Solange Berchemin goes in search of Winnie the Pooh as she enjoys a stay at Ashdown Park Hotel.
Nestled in the heart of East Sussex, about 35 miles from central London, the Ashdown Park Hotel has been home to nuns, gentry, fallen Belgian soldiers, corporations, though not all at the same time, since 1693. It’s a grand building with buckets of archaic charms, secret gardens, an enchanted forest, and grazing land where deer roam free.
Ashdown Forest is best known as the inspiration and setting for A.A. Milne beloved character, Winnie-the-Pooh. The honey pot-loving teddy bear first took shape on the 21st of August 1921, in the village of Hartfield where the author lived. Since then, this attractive corner of the country has celebrated its most famous fictional character with dozen of walking routes and the famous Pooh Sticks Bridge in Hartfield.
Winnie will turn 100 in 2021 to mark the occasion, we skipped to and hopped in the car, with the little bear’s words ringing in our ears: “You can’t stay in your corner of the forest waiting for others to come to you. You have to go to them sometimes.” It was time to come out of lockdown and carefully go and meet people.
On arrival, a parking space had been reserved as if the staff knew that nothing warms my heart more than to see my name in big letters on an A-board. The hotel reception is discreetly set in a corner of the grand hallway. A massive stone fireplace and age-old archways lead to oak-panelled rooms that are decorated with heavy brocade and furnished with antique pieces. The Ashdown Park Hotel is popular for afternoon and morning teas served in cosy lounges or on the terrace. A majestic staircase leads visitors to their bedrooms. To give you an idea of its magnitude, the hotel has 106 rooms. Not all of which are in the main wing, some are situated outside near the brasserie, these open on small patios, perfect for dog-owners.
The Ashdown Park Hotel is part of a small group called Elite hotels who have three others including Tylney Hall in Hampshire, Luton Hoo in Bedfordshire, The Grand in Eastbourne. Luxury hotels can be slightly intimidating but The Ashdown Park Hotel is anything but. Here it’s the ‘human thing’ that matters. Joe Mc Ginn, the concierge expressed this perfectly, when asked what was the weirdest request he ever had, he beamed and told us the story of two octogenarians who were intent on playing Pooh sticks on Pooh bridge. As they mentioned their plan, they left the hotel with a bundle of kindlings in various shapes and sizes and….a tin of condensed milk. ‘You can’t play it any other way’ Joe tells us. And that is ‘the thing’ which makes the place what it is.
Our master bedroom was straight out of an episode of Downton Abbey. It was so spacious that it could have accommodated a small London flat. The impression of space is reinforced by the tall windows looking over the grounds, its lake and its fountain. Everything is opulent, one could easily disappear in the soft, comfortable bed, and sleep for 100 years, but perhaps not the best idea on a romantic weekend. TV, Espresso machine, QR code for the newspapers, digital billing are part of the mod-cons. Molton Brown toiletry, corner bath and jacuzzi bath to complete the well-being and well-looked-after feeling.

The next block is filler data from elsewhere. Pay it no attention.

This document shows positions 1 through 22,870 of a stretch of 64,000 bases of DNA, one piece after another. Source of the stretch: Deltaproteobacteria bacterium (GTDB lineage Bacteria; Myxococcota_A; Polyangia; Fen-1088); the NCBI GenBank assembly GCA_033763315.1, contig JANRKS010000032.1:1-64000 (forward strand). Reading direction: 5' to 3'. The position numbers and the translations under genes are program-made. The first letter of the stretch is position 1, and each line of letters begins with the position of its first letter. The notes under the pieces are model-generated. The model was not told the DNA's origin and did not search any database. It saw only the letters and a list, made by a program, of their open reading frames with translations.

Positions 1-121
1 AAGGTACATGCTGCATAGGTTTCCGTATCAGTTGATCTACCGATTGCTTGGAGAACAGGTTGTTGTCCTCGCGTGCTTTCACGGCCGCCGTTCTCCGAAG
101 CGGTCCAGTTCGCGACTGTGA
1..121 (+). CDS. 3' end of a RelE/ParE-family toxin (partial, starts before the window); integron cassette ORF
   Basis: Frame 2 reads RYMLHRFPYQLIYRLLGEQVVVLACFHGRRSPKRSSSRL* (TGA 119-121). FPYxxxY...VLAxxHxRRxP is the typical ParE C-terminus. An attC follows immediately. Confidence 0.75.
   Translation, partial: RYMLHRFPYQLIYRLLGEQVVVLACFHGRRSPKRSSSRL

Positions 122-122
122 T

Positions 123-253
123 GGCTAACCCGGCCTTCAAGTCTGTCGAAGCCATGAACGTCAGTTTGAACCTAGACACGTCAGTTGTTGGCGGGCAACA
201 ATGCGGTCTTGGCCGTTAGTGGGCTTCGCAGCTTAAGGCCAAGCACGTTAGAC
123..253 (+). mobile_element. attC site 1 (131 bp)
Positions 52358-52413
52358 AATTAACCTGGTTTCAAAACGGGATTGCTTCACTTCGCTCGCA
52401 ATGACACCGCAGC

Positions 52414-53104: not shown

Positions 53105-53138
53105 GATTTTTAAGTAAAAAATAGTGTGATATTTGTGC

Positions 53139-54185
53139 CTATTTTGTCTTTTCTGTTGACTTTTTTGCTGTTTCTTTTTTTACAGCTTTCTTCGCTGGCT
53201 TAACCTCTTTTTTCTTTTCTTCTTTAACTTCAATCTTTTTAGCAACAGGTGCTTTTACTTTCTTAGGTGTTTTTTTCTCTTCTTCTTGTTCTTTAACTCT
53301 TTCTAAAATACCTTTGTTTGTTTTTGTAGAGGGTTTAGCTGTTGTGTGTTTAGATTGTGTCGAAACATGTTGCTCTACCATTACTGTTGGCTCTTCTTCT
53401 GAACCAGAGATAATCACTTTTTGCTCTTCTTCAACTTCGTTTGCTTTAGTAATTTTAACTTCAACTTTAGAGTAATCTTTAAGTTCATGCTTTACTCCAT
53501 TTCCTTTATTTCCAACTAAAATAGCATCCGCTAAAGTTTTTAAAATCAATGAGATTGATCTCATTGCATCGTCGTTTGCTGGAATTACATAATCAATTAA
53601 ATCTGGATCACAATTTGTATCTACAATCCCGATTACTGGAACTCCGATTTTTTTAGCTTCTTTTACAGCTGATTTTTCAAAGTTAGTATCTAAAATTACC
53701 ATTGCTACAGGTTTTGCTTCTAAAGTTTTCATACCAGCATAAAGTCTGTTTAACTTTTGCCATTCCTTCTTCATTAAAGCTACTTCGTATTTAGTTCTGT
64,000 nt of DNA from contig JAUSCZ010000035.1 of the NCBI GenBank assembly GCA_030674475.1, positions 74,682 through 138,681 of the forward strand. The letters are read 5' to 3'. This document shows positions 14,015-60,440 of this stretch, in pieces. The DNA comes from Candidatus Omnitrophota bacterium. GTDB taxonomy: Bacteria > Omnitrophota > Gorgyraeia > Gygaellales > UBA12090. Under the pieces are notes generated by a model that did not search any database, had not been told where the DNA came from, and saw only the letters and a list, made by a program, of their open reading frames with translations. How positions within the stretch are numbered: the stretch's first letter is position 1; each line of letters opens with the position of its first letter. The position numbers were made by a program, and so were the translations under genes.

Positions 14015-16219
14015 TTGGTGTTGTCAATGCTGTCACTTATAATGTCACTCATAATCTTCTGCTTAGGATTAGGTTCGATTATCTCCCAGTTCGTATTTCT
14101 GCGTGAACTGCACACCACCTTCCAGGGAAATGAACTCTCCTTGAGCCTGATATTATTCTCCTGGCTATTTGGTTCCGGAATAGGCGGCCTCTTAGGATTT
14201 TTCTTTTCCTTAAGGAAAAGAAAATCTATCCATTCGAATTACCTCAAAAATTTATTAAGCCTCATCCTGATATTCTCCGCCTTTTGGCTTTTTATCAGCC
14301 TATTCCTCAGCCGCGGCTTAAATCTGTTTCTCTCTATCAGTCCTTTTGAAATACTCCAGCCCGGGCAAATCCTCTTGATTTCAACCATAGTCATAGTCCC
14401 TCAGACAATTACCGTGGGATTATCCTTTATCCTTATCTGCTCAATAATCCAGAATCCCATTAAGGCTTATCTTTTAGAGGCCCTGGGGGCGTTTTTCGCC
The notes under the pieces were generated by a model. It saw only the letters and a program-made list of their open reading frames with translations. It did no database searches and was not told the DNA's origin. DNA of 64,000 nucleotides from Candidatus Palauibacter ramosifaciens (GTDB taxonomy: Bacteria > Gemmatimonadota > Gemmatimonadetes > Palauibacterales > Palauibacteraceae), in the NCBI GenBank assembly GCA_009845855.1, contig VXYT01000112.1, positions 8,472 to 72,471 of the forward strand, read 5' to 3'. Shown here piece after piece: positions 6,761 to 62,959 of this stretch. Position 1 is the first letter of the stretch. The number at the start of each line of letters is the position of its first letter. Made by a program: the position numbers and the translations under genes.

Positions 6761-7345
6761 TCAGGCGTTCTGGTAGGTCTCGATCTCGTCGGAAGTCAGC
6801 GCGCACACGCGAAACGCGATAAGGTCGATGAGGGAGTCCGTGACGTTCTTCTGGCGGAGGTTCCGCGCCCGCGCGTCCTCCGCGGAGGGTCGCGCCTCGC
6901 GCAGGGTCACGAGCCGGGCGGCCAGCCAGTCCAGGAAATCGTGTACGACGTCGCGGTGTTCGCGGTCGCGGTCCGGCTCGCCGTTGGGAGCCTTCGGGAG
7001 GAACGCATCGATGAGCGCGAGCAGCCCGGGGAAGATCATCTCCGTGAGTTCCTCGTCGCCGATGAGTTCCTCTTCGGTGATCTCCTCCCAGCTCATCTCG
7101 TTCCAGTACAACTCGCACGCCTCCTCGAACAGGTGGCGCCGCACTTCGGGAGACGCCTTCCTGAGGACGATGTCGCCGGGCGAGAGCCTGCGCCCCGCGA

With my mind-eye on the evening menu, I headed for the sports and spa facilities in the nearby Country House building. Bring your golf clubs if you want to use the landscaped 18 hole that takes you through the forest. The gym is well equipped and the swimming pool is a good size. The addition of church carved stones on the pool sides helps when it comes to feeling virtuous enough….to enjoy a three-course meal and every amuse-bouche and palate cleanser in between.
As expected, the ingredients are local, some are grown in the kitchen garden in one of the courtyards. The Anderida is a fine dining 2 AA-rosette restaurant, Chef Andrew Wilson the Head-Chef trained in a Michelin star kitchen so, expect a lot of skills and attention to detail. Curing, charring, jelly drops add a bit of excitement and provide a feast for the eyes.
Chef Wilson’s style is best described as ‘traditional English with flair’. Take the surf and turf dish served with herb -from the garden- pancakes. On the day, the surf part was monkfish, but it could have been any other catch of the day. Chef Wilson never orders, he works with the fishermen who brings him what they have fished on the day. This keeps the menu fresh, lively and doesn’t harm the ecosystem. Palate cleansers are lovely additions to the menu, we enjoyed a feta mousse with tapenade and a passion fruit sorbet. The restaurant rooms are very large and despite Covid distancing rules, it felt almost intimate.
Breakfast is also served in the Anderida restaurant: continental buffet, a selection of cooked-to-order dishes and traditional full- English. I’d recommend the smoked salmon. There is also a brasserie on the grounds. And last but not least, wine lovers be aware this corner of England has more vineyards than anywhere else in the UK.
Tell me more about Ashdown Park Hotel
Ashdown Park Hotel, Wych Cross, Nr Forest Row, East Sussex RH18 5JR
E : email@example.com T: +44 (0)1342 824988
Double rooms start at £240
10% off stays of two nights or longer, from £358 per double room for two nights (two sharing) including breakfast.